Opt to have your tea brewed at home if you're not already doing so, as home-brewed tea is generally less acidic than the tea brewed in retail stores and coffee shops.

It's also essential to store your tea carefully. Ideally, keep your tea in glass jars and protect it from exposure to air, moisture, and sunlight. Aside from affecting the quality, freshness, and shelf-life of your tea, the elements can also cause an increase in acidity.

It's also generally good practice to limit the amount of other acid-forming foods in your diet. No food on its own, unless you're consuming it excessively, will contribute to abnormal levels of acidity in the body. Dr Joanne McMillan advocates consuming more vegetables, especially the green leafy variety, legumes, fruits, and nuts, to balance the acidity in the body as these foods are neutral in pH. Also, reduce salt as it is also acidic, and drink more water so your kidneys can work at their best.

You also want to avoid or limit the following foods in your diet:

  • Coffee
  • Sweeteners like sugar, processed honey, maple syrup, and artificial variants like aspartame
  • Commercially processed condiments like soy sauce, mayonnaise, ketchup, and vinegar
  • Processed and hard cheeses
  • Rice, wheat, and corn
  • Corn oil

Who Should Not Drink Green Tea?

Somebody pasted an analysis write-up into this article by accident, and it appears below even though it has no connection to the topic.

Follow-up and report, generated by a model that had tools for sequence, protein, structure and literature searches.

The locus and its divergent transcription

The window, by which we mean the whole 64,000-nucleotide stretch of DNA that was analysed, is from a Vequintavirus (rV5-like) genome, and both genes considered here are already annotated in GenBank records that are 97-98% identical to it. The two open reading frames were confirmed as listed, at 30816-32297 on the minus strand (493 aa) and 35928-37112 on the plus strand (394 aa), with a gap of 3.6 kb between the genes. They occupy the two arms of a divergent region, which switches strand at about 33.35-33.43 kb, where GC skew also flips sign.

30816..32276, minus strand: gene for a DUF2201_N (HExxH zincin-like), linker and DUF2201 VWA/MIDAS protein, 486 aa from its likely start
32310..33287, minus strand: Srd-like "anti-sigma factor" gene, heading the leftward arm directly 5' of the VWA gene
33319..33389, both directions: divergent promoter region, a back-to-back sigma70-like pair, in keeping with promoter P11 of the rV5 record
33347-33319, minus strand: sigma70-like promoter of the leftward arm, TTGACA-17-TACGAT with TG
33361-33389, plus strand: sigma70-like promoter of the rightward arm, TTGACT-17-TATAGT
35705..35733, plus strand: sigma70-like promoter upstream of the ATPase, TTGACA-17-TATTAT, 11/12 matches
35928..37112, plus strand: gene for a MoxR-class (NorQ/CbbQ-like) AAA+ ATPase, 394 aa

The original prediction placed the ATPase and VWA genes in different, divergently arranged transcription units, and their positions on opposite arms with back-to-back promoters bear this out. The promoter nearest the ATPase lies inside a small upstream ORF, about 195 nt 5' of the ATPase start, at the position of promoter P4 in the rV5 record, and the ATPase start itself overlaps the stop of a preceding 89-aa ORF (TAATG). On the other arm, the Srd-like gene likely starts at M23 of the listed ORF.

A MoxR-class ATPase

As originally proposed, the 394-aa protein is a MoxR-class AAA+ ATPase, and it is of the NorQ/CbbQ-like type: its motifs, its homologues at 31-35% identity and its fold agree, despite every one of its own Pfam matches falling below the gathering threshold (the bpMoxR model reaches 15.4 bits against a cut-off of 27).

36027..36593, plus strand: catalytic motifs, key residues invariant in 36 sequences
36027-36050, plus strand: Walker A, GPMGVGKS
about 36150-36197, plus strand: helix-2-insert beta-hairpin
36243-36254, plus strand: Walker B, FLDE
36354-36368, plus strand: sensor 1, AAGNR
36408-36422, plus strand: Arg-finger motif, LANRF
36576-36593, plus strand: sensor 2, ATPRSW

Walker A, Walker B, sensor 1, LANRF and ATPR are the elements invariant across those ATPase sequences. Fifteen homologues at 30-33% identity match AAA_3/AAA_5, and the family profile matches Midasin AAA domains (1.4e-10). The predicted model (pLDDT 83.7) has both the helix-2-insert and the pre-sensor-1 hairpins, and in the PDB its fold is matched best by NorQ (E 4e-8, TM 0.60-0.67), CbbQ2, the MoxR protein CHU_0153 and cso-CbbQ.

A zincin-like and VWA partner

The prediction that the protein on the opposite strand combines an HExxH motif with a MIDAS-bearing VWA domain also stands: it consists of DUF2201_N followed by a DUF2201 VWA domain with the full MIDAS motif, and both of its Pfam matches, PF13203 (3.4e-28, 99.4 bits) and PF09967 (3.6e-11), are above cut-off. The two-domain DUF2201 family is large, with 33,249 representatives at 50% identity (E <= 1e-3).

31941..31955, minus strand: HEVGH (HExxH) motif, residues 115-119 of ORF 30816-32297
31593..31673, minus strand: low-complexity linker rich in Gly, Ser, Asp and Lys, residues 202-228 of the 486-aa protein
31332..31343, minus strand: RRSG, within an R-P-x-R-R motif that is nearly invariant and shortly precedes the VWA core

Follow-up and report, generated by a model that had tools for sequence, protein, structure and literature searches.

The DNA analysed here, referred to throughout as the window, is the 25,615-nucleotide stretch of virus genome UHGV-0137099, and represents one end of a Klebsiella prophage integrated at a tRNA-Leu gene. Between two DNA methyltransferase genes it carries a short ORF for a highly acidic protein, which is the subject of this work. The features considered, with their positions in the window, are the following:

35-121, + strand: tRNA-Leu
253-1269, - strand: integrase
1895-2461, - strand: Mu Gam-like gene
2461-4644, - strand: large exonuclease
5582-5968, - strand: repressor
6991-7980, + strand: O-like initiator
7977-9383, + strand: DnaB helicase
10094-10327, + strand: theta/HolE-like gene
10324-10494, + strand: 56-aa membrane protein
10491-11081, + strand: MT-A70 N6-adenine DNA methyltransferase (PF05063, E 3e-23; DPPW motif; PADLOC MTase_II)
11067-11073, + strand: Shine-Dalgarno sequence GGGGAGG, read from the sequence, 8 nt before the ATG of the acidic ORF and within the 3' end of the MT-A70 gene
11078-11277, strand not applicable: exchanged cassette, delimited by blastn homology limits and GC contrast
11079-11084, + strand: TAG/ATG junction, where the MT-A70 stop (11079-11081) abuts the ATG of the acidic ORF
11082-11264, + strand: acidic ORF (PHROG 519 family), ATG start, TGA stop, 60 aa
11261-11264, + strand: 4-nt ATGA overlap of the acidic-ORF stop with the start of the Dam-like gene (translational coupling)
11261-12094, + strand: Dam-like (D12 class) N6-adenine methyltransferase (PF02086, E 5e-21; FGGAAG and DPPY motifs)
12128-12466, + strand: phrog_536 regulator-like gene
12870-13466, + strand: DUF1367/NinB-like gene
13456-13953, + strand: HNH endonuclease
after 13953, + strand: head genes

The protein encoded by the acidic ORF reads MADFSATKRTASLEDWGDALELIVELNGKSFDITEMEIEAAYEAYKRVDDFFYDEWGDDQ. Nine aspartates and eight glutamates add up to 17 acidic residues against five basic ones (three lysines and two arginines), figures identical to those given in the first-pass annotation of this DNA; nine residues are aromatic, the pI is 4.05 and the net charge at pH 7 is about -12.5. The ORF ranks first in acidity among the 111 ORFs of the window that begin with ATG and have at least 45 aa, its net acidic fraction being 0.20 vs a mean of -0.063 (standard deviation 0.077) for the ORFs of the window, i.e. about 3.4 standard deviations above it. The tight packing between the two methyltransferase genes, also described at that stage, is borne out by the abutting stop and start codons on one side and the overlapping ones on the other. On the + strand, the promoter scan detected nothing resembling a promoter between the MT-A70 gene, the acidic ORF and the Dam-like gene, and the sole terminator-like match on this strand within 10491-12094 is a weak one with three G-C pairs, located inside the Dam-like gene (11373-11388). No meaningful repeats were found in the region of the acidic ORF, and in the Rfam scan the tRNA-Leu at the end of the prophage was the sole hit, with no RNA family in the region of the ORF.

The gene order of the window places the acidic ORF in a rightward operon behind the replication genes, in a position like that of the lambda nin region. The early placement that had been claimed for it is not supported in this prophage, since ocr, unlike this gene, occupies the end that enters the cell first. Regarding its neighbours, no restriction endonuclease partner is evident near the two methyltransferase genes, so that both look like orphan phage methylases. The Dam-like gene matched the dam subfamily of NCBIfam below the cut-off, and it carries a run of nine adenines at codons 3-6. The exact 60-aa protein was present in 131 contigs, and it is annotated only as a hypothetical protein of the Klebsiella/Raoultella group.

Green tea is seen to be safe for most healthy individuals when consumed moderately, i.e., no more than 8 cups daily. Higher amounts increase the amount of caffeine consumed by the body and can potentially cause side effects.

Pregnant women should limit their intake to no more than 6 cups daily, the equivalent of 300 mg of caffeine. Higher amounts have been linked to an increased risk of miscarriage and birth defects. Breastfeeding women should limit their caffeine intake to no more than 2 to 3 cups daily because the caffeine can pass through the milk and cause side effects for the infant.

People with specific health conditions should be especially mindful about consuming green tea. Conditions like anemia, anxiety disorders, and diarrhea (related or unrelated to Irritable Bowel Syndrome) may worsen with green tea consumption. Avoid green tea if you have a bleeding disorder, as it may increase the risk of bleeding. If you have osteoporosis, limit your consumption of green tea to no more than 6 cups per day.

People with heart conditions, seizures, or high blood pressure can be affected by green tea because of caffeine. Green tea may impact blood sugar levels in people with diabetes. It may also increase the pressure inside the eye for people with glaucoma.

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Frequently Asked Questions (FAQs)

What is the pH level of green tea?

Green tea has an average pH value of 7 to 10. Different types of green tea can have different pH levels. Green tea's acidity can also depend on how long you steep the tea leaves before drinking it, the brewing water used, how long the tea is brewed, whether you're adding water or milk and sugar and whether you're brewing it at home.